Innuos ZENith SE Mk II music server

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Music servers and computer audio
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Innuos ZENith SE Mk II
Innuos ZENith SE Mk II music server

Noise. That’s what’s wrong with digital audio reproduction. Yet how could this be? CD introduced the silent background, the hiss free ‘inky blackness’ that allowed the music to stand out. But it didn’t... it just seemed to; digital audio appears to have very low noise, yet when you hear a system with far, far less noise it’s a revelation. I know this for sure because I have heard it and it is not a subtle thing. This digital audio server makes it blindingly clear that noise is the biggest problem in digital audio. We know that the source is king – and in analogue this idea is well established – yet with digital audio we have been upsampling, filtering, and trying numerous other ideas to make things better and progress has been at best incremental. That’s because these technologies do not address the fundamental problem, which is that noise (even at very low levels) undermines the potential of the medium. By dropping the noise so dramatically, the ZENith SE Mk II has made more progress in the quest for high fidelity in digital audio than all upsampling and high-resolution formats combined. But first the product.

Usually the SE suffix means a few tweaks here and there that refine a product without making any significant changes to its construction. Innuos has decided to go down the decidedly British route of understatement for its SE and given that this ZENith SE MK II looks pretty much the same as its standard form stable-mate, you’d be forgiven for thinking that not much has changed except the colour of the faceplate. But you’d be wrong; this Special Edition is very special indeed.

However, what it is might need to be explained. The ZENith SE Mk II is a network server: essentially a NAS drive, but one that’s been developed specifically for the purpose of serving up audio files to a streamer or DAC. It has connections for USB and Ethernet and its operating system is related to the one behind the Squeezebox network streamers that started this whole malarkey off. There are a few competitors in the audio server market place, but nowhere near as many as there are network streamers; it’s a product type whose worth has yet to gain full recognition, a state of affairs that this Innuos will change.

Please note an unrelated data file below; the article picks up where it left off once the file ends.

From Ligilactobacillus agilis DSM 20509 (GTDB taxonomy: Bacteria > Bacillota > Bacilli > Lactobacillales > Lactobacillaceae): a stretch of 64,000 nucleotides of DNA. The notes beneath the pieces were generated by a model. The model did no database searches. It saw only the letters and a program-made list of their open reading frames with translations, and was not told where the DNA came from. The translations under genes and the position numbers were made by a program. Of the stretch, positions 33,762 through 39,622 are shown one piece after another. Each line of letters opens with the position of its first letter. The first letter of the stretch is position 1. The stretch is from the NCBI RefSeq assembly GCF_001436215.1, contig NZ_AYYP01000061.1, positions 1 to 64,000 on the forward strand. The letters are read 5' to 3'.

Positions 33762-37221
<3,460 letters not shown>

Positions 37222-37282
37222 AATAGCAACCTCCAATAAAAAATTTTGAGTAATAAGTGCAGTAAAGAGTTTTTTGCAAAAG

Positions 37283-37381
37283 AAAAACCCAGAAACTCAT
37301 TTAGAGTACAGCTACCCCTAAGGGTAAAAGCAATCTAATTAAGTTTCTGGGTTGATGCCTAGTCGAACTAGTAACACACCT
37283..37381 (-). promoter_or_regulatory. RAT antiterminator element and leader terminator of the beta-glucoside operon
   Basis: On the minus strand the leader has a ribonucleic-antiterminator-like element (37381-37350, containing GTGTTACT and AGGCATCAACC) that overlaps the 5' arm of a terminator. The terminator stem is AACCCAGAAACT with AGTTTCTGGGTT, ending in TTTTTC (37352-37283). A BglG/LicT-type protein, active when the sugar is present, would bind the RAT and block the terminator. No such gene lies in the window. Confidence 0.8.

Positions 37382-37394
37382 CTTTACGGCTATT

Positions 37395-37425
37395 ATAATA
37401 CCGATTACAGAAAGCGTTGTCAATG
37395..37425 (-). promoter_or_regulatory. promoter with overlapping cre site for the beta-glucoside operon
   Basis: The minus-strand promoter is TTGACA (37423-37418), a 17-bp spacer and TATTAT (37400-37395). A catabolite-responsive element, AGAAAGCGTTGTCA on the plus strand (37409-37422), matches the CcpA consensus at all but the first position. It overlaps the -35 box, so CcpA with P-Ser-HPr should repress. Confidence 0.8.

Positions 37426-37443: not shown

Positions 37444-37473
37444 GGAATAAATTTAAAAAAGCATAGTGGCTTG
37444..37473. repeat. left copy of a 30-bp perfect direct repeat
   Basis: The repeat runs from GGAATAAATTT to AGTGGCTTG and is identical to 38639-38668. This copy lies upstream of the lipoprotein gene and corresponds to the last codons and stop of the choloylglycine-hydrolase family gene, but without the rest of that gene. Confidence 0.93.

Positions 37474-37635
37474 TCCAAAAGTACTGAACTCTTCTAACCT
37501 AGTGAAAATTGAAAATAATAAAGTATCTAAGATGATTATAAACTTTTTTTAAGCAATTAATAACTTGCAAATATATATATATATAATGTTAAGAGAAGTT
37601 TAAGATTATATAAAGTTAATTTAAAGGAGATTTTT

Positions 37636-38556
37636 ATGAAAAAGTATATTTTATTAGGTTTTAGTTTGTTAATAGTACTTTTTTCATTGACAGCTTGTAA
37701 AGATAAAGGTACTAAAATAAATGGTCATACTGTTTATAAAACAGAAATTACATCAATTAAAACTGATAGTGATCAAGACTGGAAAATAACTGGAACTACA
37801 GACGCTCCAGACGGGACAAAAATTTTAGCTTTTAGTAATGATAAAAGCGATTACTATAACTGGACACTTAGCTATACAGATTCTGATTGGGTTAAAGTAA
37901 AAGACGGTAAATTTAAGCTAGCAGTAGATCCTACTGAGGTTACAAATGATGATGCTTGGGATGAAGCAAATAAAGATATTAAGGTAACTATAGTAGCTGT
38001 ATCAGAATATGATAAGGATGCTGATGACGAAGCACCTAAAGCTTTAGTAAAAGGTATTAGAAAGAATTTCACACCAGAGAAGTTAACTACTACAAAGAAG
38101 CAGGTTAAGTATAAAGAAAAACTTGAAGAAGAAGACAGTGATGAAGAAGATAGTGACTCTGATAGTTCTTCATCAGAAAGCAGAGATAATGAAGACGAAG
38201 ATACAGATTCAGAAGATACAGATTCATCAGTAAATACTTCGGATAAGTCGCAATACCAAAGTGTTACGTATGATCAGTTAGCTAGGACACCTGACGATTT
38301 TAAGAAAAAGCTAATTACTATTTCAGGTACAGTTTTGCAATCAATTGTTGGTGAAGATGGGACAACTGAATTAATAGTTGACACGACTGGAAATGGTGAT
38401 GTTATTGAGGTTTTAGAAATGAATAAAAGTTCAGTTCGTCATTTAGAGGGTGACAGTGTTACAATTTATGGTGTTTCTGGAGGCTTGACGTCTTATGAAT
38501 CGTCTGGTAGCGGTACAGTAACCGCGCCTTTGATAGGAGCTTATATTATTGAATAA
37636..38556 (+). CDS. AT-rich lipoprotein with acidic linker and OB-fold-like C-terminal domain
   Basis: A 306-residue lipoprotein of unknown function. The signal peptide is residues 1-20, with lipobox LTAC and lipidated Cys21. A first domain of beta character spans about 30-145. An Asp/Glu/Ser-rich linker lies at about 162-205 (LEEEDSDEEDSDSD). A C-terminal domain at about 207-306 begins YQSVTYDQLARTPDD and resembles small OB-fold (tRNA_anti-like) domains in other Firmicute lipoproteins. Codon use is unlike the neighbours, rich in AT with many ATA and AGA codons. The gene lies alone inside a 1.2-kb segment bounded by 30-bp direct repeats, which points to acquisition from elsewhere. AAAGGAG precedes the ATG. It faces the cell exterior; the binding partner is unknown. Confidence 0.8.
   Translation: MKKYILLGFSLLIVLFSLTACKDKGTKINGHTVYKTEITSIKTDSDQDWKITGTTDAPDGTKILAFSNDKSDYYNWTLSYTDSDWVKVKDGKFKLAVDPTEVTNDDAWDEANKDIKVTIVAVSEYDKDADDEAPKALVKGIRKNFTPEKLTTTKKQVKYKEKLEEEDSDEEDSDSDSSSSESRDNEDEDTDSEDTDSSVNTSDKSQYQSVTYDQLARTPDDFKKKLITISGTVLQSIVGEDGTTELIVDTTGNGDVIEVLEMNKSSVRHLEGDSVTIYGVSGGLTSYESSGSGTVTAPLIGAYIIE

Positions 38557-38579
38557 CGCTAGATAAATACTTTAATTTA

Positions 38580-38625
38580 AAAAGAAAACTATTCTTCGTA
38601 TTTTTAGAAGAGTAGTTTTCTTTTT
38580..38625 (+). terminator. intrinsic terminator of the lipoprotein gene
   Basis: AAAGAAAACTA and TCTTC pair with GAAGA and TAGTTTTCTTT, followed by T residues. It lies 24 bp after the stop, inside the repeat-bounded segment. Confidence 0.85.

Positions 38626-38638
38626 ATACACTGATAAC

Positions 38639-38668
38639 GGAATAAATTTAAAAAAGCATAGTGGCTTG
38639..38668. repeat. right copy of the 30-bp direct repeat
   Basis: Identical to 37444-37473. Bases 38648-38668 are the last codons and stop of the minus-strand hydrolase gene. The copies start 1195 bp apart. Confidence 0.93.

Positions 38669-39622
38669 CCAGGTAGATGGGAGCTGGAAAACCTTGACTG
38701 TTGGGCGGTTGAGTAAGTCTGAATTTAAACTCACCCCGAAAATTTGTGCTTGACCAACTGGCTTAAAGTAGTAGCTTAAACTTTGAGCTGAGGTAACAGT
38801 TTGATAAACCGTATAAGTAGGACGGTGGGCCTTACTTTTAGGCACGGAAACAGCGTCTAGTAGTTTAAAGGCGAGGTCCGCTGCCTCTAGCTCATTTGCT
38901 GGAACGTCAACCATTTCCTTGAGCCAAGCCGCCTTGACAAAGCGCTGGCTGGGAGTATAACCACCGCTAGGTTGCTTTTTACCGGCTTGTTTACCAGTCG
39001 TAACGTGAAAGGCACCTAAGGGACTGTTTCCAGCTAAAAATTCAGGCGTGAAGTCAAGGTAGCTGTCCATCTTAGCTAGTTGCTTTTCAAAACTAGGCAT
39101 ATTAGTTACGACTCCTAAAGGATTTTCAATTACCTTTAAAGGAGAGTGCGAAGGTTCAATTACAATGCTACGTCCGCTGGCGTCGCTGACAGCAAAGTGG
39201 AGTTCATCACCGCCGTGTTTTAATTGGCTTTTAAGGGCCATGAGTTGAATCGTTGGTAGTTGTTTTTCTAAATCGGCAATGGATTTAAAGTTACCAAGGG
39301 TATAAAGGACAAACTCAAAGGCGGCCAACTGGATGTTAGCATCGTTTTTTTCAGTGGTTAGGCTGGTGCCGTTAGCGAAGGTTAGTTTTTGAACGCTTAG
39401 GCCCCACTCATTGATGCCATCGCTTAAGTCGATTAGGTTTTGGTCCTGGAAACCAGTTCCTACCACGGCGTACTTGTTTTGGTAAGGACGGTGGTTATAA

A regular ZENith MkII can be purchased with 2TB of SSD drive capacity for £2,899 (or £2,299 with 1TB); the SE version is one whole pound under five grand for 2TB so where’s the extra cost coming from? There are a number of differences, but the one that Innuos emphasises is the power supply, which was designed by Sean Jacobs who runs the misleadingly titled Custom HiFi Cables, a company that appears to specialise in power supply upgrades. Sean has a background in robotics and defence electronics, but clearly has a very good grasp of what matters in audio if the SE is anything to go by.

Other differences to the regular ZENith include three anti-vibration feet arranged underneath key components within the box. It looks a bit odd when you turn it over, but if this helps then the occasional tip when you lean on the wrong corner is a small price to pay. Innuos have also upgraded the internal wiring and improved the protection against EMI (electromagnetic interference).

Most of the set up options for Innuos servers are accessed via your web browser: just go to my.innuos.com and it will find the server on your network and give you a dashboard where you can choose to import files from various sources, select ripping format – that slot on the front is for this purpose – and even choose between fast and noisy or slow and quiet ripping modes. This is also where you can configure streaming accounts with a choice of Tidal, Qobuz, and Spotify Connect, a feature I’ve not seen on other servers to date, but whose function is limited to USB connections where you are pushing data direct to a DAC. Another feature that is even rarer is full Roon Core compatibility; few audio components have the computing power to run Roon in full effect and as a result often require an external PC for the purpose, but the ZENith SE Mk II does not. Other choices include whether to transcode DSD onboard or send a native signal to the DAC, and the option to use low latency with USB. 

When using the ZENith’s USB output you can control it with an app called iPeng that was developed for Squeezebox devices. It’s a nice app, too; not free but inexpensive and better than many on the market. The Tidal/Qobuz interfaces aren’t the slickest but they sound good coming from the ZENith SE, more open than I’m used to with network streamers. 

The connections on the back consist of Ethernet for network and DAC and USB for back-up and DAC. Through the network connection, the ZENith acts as a switch, meaning one less (electrically) noisy computer peripheral in the room polluting the mains with its switched mode supply.

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